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linclink

WOHOO! Seems like Sounds may make it Yet!

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http://www.nashvillecitypaper.com/index.cf...s&news_id=42340

Incentives a smart move

While it's always worthwhile to have hard information about a new program before you pursue it, it shouldn't take much study to figure out if you pay people more money for harder jobs, you'll have a better chance of attracting good people to do those jobs.

<{POST_SNAPBACK}>

That's good news for the Sounds and the stadium and project will be a boon for downtown Nashville.

Not sure why the teacher thing was posted, but I taught for years in the public schools in New Orleans, and every single student I taught was high risk.

I don't believe the economic model works. New teachers know exactly how much they'll make when they start their education, yet 1/3 quit after 3 years. And I never knew a single one who quit because of money. They quit because of working conditions--too many students and too little time. It's unrealistic to even pretend that you're teaching writing effectively when you've got 6 classes of 33 students each.

But no one ever asks the teachers what they think they need. Models are just imposed from the top down.

I now teach college writing. Classes are limited to 25 students, and my load is limited to 4 classes. Most colleges would lose their accreditation if they attempted to pull what public schools do.

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Hey,

I'm hoping someone here can clarify this for me.... I've read in other forums where people are complaining that the city will make 0 money in taxes and otherwise, from the development and the Sounds Stadium. Is this true? I can understand that no money will be made off of the land, since it is being given to the stadium... and I am assuming that the stadium will not be paying taxes to the city. I am also assuming that if the 600 units get built with the development, that the 125 affordable units will come out of the city's pockets... however, won't these people (on all 600 units) pay property taxes? Why do people keep saying that those who buy homes there will do so out of tax payers pockets??? Can someone please explain? Thanks!!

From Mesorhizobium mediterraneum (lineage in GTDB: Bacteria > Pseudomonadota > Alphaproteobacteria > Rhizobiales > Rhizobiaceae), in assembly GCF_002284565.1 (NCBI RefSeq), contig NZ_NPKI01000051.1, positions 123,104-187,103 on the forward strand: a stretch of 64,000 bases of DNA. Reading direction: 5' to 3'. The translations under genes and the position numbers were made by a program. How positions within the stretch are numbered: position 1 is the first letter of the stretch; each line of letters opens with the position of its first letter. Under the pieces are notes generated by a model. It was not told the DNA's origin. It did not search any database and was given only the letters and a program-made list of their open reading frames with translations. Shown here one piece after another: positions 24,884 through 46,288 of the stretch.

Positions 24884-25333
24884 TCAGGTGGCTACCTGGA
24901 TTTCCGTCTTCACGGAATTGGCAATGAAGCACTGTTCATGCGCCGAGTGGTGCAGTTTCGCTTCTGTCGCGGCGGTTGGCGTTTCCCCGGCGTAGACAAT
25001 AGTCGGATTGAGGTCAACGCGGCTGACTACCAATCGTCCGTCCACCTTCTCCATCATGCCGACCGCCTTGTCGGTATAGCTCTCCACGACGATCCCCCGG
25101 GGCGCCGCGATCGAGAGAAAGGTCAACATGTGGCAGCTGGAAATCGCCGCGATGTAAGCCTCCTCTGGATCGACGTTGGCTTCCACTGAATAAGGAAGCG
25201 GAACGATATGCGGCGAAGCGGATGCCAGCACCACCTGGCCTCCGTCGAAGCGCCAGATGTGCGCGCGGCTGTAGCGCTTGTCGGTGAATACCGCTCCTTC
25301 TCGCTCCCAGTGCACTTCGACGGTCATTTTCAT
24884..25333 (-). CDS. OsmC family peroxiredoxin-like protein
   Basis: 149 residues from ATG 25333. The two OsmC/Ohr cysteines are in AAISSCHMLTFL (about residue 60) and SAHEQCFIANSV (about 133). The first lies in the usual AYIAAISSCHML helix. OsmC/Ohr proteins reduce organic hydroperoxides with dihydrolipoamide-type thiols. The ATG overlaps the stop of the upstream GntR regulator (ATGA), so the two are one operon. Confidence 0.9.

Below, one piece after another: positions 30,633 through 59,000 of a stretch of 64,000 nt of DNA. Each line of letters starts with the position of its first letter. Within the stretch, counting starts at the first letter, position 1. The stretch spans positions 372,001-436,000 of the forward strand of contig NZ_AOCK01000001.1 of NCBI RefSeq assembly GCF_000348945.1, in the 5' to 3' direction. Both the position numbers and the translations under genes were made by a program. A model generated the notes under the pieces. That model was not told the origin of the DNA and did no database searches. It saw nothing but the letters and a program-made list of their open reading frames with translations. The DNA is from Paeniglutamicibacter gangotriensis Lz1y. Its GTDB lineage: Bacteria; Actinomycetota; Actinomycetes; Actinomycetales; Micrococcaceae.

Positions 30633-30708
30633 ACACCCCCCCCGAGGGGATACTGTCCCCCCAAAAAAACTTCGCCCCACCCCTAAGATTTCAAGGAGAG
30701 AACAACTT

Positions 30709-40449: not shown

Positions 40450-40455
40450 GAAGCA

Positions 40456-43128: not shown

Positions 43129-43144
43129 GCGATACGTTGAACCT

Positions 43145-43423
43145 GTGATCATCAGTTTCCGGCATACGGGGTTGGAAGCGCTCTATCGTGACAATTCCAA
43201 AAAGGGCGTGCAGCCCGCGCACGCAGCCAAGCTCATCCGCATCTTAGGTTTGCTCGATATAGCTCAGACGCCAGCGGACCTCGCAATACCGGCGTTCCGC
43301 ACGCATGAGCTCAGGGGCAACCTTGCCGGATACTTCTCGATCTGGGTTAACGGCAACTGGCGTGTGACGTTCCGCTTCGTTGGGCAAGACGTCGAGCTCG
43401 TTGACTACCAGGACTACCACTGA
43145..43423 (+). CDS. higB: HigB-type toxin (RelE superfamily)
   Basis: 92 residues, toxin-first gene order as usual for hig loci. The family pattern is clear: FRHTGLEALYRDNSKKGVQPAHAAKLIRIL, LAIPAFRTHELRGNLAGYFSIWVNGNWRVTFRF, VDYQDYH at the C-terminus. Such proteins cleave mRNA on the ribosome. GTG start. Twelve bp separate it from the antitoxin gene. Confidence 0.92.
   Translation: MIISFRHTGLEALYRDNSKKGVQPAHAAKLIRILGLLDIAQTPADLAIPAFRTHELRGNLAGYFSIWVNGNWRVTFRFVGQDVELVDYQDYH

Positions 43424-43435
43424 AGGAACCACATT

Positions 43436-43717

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HI GUYS.... does no one know the answer to my question? Or is it such an unbelieveably dumb question that it didn't warrant a response?!?!?! Let me know.

THANKS!

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'link'

I may have this wrong but the tax credit agreement allows the developer to apply annual tax payments to debt service for a specific time interval. This would apply to retail and residential in a leasing deal. Affordable housing units do not cost the city any funds. The units are a requirement to obtain planning permits and the associated costs are factored into the total development cost.

You are right that if 600 residential units are developed and sold then property taxes would be due from the new residents without any concessions or delay. Most of the time when people talk about reduced tax revenues they are referring to potential not current amounts. In their mind development would occur even without tax breaks.

I hope that was on point.

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'link'